Magic numbers in Olympia: Will Republicans take power in 2012? | Bob Roegner

The magic numbers in Olympia are 25-50-1.

No, they are not the combination to someone’s high school locker. Those are the numbers you need in order to exercise power. You need 25 votes in the Senate, 50 votes in the House and the governor to sign the bill. Right now, the Democrats have control of both houses and the governor’s office. But since the primary election, political insiders from both parties have their calculators out and are looking at the statewide returns — adding up the numbers to see which seats are lost and which seats they can retain, trying to determine if there will be a change in power after November. While there was no Republican “red tide” sweeping across the state, there was more than a trickle, and that has Democrats worried. Several seats are in play, and the winners will determine who is in charge and who gets to write the next budget.

Earlier this year, the Democrats assumed they would lose a few seats in each house, but still retain control. The Republicans’ game plan anticipated picking up a few seats this time and taking control in 2012, when all the statewide offices are up for election, including the governor.

Based on primary returns in the House of Representatives, and by totaling votes cast for each party, there are some surprises — and some incumbent Democrats could be in trouble. In Pierce County, well known legislators Dawn Morrell and Tami Green are both in for a fight. Up in Snohomish County, Hans Dunshee is behind, as is Kelli Linville in Whatcom County. However, Democrats still lead in 48 House races while Republicans lead in 41. Some of these races could still change. The remaining nine are toss-ups. But Republicans are within striking distance of the magical 50, even though it will be difficult.

In the Senate, where Democrats hold a 31-18 majority, if seven seats change parties, so does the power. It already appears that the Democrats will lose Claudia Kauffman’s seat in the 47th District (Kent) and Chris Marr’s seat in the 6th District in Spokane. Also, incumbent Democrat Eric Oemig in the 45th District (Kirkland area) is trailing, and Steve Hobbs in the 44th District (Snohomish) is in a dead heat. Appointed Senator Randy Gordon in the 41st District from the Eastside of King County was expected to have a difficult time, and he is. But State Sen. Tracey Eide’s tight race here in Federal Way (District 30) is a bit of a surprise. Democrats are going to have to work hard and raise a lot of money to retain control.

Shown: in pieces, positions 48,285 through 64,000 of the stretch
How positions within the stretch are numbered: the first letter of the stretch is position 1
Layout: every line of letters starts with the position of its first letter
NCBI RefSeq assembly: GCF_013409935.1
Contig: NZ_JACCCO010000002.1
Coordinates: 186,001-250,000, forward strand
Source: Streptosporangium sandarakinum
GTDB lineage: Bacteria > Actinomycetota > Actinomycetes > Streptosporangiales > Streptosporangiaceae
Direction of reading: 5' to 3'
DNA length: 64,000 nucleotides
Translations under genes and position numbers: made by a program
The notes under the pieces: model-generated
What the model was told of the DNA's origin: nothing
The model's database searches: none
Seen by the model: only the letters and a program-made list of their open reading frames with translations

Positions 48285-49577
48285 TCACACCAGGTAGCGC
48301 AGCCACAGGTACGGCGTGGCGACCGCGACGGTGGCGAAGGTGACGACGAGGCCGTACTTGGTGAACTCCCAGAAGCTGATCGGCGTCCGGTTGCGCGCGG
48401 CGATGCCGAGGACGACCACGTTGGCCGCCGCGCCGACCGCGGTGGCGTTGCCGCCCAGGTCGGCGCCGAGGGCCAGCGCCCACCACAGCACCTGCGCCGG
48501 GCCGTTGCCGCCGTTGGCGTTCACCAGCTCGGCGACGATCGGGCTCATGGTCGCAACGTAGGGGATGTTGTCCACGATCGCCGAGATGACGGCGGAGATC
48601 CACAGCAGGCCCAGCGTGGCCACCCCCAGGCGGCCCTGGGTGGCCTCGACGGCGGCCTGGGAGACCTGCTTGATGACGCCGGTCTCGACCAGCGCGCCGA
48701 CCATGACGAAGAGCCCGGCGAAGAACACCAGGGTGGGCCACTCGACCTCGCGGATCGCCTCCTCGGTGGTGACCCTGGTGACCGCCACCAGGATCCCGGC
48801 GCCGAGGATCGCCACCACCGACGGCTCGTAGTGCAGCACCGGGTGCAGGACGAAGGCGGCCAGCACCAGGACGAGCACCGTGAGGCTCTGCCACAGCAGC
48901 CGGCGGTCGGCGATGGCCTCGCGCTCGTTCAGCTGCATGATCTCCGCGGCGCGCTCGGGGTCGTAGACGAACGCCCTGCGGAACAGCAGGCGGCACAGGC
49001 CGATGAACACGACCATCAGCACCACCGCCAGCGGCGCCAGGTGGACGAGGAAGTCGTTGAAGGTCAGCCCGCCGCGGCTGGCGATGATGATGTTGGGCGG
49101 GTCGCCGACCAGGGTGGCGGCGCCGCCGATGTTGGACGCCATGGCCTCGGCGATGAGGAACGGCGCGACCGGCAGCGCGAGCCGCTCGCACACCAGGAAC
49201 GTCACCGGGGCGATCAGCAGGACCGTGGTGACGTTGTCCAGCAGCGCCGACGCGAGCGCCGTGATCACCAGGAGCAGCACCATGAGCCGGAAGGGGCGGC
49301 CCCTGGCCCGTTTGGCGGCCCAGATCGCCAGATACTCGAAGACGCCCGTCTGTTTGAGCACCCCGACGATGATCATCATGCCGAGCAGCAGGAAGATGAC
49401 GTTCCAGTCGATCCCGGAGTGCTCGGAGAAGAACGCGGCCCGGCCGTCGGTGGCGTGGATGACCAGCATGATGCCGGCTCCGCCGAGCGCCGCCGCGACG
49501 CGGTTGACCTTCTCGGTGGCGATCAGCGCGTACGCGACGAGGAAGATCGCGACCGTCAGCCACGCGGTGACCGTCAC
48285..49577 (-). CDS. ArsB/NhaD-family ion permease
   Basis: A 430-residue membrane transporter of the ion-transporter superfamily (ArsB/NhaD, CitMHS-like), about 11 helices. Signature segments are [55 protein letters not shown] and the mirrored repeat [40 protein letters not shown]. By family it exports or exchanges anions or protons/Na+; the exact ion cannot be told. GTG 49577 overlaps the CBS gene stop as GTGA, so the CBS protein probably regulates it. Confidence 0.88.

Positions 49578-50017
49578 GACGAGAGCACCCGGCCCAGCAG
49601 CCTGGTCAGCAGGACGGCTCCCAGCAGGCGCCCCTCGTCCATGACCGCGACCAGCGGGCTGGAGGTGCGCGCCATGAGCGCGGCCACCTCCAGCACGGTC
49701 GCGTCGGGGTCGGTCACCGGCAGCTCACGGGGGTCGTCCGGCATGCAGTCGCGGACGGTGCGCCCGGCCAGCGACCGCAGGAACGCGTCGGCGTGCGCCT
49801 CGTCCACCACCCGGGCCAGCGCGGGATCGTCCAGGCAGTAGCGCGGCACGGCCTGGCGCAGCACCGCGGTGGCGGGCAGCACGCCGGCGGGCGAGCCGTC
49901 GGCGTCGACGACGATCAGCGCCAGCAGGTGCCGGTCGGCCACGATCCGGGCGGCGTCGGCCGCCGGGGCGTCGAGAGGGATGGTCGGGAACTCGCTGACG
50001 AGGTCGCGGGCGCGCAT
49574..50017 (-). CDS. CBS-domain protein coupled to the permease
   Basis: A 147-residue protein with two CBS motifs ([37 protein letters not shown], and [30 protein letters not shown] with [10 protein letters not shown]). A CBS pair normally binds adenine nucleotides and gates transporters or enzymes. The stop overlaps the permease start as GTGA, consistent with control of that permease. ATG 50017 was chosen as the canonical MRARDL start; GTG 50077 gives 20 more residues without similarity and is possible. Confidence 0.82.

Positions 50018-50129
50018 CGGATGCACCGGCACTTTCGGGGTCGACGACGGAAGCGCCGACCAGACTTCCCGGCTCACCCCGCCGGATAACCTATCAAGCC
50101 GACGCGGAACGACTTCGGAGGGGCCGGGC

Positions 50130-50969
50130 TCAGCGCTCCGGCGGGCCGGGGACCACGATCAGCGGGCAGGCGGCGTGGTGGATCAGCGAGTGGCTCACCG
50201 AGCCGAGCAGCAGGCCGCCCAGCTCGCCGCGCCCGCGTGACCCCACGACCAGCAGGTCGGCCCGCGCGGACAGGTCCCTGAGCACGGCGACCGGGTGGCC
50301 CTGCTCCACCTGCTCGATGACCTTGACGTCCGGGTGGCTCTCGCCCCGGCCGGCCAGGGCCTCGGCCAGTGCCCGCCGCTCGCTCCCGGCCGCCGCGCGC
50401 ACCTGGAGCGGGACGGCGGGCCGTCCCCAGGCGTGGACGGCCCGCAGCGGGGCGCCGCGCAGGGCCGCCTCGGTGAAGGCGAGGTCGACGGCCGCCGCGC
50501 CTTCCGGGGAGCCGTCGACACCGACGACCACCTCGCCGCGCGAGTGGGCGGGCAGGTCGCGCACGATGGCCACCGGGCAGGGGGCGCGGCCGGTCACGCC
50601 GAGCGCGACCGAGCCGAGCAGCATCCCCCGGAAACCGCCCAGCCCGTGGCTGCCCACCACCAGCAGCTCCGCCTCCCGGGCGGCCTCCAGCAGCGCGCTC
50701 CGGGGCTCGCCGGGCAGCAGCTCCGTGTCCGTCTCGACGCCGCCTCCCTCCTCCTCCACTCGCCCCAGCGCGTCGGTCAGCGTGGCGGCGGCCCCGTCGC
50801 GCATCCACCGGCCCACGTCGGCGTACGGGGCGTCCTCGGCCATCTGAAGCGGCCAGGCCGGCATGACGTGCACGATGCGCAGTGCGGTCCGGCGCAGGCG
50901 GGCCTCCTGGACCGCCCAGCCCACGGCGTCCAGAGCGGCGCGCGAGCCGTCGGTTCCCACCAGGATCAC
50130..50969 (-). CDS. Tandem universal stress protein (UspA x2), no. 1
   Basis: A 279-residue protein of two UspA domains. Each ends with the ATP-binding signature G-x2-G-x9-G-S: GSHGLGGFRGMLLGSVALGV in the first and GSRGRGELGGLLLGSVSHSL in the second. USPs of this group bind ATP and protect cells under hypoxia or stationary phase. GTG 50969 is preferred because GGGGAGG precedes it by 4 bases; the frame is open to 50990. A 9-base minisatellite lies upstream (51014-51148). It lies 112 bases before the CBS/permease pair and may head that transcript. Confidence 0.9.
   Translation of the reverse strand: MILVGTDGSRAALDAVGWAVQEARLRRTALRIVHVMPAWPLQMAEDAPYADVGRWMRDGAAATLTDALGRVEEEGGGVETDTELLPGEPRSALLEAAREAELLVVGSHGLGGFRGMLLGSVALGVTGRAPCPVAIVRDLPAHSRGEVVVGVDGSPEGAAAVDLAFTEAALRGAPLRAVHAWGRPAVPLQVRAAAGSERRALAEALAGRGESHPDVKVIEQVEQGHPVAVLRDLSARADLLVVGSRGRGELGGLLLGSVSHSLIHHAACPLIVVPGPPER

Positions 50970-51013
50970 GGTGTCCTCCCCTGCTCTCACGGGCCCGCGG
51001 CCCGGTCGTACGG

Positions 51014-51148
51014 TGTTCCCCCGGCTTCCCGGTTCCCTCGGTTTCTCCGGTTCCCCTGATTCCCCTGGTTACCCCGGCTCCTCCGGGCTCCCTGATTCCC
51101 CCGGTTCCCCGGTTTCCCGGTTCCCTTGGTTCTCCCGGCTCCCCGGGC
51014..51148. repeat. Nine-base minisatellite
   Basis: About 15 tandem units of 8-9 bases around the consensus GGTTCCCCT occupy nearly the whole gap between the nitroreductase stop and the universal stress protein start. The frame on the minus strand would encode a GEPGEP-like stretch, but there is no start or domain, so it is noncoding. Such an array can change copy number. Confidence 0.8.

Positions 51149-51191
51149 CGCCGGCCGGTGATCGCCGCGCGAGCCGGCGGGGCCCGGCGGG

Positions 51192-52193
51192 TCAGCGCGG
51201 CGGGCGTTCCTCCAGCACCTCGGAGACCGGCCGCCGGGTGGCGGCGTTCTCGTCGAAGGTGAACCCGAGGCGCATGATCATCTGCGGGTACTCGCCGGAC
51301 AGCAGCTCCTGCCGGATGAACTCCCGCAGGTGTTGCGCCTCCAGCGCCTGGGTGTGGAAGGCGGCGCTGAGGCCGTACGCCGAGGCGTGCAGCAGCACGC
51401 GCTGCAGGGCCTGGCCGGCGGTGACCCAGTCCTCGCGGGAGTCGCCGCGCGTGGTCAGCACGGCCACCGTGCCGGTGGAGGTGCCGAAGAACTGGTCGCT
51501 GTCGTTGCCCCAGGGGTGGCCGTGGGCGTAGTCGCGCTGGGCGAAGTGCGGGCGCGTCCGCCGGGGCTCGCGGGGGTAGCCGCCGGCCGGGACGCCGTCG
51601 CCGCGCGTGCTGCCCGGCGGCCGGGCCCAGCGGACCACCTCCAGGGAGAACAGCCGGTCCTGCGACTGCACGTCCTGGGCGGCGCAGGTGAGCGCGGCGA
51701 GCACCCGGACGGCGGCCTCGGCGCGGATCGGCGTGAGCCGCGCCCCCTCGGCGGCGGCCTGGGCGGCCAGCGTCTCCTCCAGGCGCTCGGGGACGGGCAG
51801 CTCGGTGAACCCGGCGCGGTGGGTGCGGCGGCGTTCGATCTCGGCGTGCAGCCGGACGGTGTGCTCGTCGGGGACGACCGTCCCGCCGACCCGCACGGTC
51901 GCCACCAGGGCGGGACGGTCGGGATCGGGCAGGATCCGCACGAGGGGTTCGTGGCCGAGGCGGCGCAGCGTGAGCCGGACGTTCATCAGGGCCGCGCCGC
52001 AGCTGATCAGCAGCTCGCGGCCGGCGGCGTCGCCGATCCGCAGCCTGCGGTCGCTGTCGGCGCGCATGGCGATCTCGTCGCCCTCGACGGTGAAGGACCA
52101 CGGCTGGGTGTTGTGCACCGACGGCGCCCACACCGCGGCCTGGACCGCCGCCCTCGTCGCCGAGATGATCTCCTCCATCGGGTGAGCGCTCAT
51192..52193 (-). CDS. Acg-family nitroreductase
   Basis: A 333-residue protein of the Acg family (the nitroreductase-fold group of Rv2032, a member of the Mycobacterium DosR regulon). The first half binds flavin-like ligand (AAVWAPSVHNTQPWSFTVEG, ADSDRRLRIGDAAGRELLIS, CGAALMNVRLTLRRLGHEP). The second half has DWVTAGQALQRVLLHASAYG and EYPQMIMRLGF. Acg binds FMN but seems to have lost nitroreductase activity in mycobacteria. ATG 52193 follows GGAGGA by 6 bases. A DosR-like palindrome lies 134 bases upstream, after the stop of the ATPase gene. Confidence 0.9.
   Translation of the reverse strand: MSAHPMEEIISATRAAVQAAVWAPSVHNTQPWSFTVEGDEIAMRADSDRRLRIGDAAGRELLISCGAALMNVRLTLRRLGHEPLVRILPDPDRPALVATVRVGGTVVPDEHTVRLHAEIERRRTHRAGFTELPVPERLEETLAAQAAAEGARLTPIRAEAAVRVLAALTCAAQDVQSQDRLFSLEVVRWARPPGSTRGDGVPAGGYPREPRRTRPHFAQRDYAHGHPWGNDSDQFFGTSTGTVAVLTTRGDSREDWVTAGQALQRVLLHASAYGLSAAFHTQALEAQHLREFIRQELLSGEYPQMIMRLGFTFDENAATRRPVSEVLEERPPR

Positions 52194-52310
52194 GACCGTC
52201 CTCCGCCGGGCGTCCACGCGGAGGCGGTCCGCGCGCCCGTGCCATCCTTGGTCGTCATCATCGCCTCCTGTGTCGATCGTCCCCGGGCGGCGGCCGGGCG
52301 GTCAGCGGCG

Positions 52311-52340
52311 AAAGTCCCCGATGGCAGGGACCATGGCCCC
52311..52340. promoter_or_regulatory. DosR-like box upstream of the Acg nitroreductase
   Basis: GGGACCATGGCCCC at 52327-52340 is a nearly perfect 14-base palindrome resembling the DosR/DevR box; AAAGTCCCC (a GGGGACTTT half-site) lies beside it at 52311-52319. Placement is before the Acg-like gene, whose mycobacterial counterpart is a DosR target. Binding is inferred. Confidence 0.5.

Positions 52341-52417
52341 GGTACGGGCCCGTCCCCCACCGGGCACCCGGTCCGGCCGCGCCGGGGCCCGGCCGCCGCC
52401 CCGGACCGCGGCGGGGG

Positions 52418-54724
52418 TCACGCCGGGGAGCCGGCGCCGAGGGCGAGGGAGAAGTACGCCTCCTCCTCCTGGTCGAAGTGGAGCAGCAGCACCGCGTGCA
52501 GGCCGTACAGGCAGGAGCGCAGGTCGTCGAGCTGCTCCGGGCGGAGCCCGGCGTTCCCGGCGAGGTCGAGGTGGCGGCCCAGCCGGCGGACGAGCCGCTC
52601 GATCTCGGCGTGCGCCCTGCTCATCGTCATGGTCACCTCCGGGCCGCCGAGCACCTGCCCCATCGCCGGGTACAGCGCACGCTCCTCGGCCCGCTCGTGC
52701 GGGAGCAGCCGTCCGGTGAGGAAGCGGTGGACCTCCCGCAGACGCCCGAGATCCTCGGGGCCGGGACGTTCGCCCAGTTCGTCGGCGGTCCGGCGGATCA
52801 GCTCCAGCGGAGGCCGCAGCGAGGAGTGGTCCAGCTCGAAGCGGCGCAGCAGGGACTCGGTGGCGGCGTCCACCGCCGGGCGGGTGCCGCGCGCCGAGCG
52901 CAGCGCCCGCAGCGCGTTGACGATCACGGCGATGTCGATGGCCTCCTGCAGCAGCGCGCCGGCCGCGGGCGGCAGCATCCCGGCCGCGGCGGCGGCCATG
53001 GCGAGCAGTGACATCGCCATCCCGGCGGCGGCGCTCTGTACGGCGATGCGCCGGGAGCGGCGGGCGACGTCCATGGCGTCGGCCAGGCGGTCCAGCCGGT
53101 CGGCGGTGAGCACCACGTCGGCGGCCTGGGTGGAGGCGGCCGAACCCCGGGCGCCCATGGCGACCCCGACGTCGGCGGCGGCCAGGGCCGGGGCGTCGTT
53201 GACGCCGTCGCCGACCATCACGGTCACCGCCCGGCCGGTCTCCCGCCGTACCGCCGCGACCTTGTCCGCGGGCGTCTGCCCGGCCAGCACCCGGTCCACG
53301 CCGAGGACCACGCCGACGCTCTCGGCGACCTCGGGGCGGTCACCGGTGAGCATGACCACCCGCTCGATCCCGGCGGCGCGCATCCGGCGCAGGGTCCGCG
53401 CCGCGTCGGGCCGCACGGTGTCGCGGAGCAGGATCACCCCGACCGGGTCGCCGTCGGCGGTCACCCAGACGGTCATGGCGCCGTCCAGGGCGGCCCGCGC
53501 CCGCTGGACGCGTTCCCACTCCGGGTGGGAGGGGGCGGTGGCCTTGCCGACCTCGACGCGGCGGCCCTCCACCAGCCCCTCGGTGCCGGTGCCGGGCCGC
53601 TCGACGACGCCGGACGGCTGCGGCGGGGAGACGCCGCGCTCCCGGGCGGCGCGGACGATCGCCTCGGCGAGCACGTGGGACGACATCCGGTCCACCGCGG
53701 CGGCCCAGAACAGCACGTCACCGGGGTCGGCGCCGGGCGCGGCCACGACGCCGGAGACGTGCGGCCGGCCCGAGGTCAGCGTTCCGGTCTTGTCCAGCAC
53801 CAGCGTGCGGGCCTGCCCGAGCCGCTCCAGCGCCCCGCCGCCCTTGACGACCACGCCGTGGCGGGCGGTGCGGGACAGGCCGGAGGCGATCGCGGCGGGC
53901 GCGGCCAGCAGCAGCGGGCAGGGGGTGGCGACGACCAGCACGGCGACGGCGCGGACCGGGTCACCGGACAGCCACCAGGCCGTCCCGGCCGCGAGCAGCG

The other seat that was a surprise was Democratic Sen. Jean Berkey losing in the 38th District (Everett) primary. However, it appears fellow Democrat Nick Harper may win the seat and keep it in the Democratic column. The issue in this race: Labor was not happy with her voting record and wanted to send a message to other Democrats. Now that the message has been sent, labor will probably rethink a strategy of not supporting some Democrats, as it is not in labor’s best long-term interests to have Republicans in charge.

It seems unlikely that the Republicans would pick up the seven seats they need to take control of the Senate. Four or five seem more likely. What if they did? What if the scorecard in November reads 25-24 Republican? More than one person has noticed that exiled Republican Sen. Pam Roach might suddenly become very popular with both parties. With the revenue forecast due Sept. 16, and possibly more bad fiscal news, there is also that nasty budget to consider. The reason Democrats are opposed to a special session is it would just increase the pressure on them to raise taxes. That’s something they do not want to do any more than they want to be part of more cuts right now. This is one of the few times they are willing to let the governor do whatever she wants to cut the budget. After all, she isn’t on this year’s ballot, and they are. They are happy to wait until January.

Some Republicans would prefer to leave the budget issue up to Democrats one more time because there isn’t anything politically good waiting for anyone in 2012 who has fingerprints on the 2011-2012 budget. As a result, many Republicans want to stick to the game plan and have the public be mad at the Democrats, and make it easier for them to take power in 2012. The only downside to this strategy is: What happens in 2012 if the economy gets better, as the Democrats are hoping? Have fun keeping score.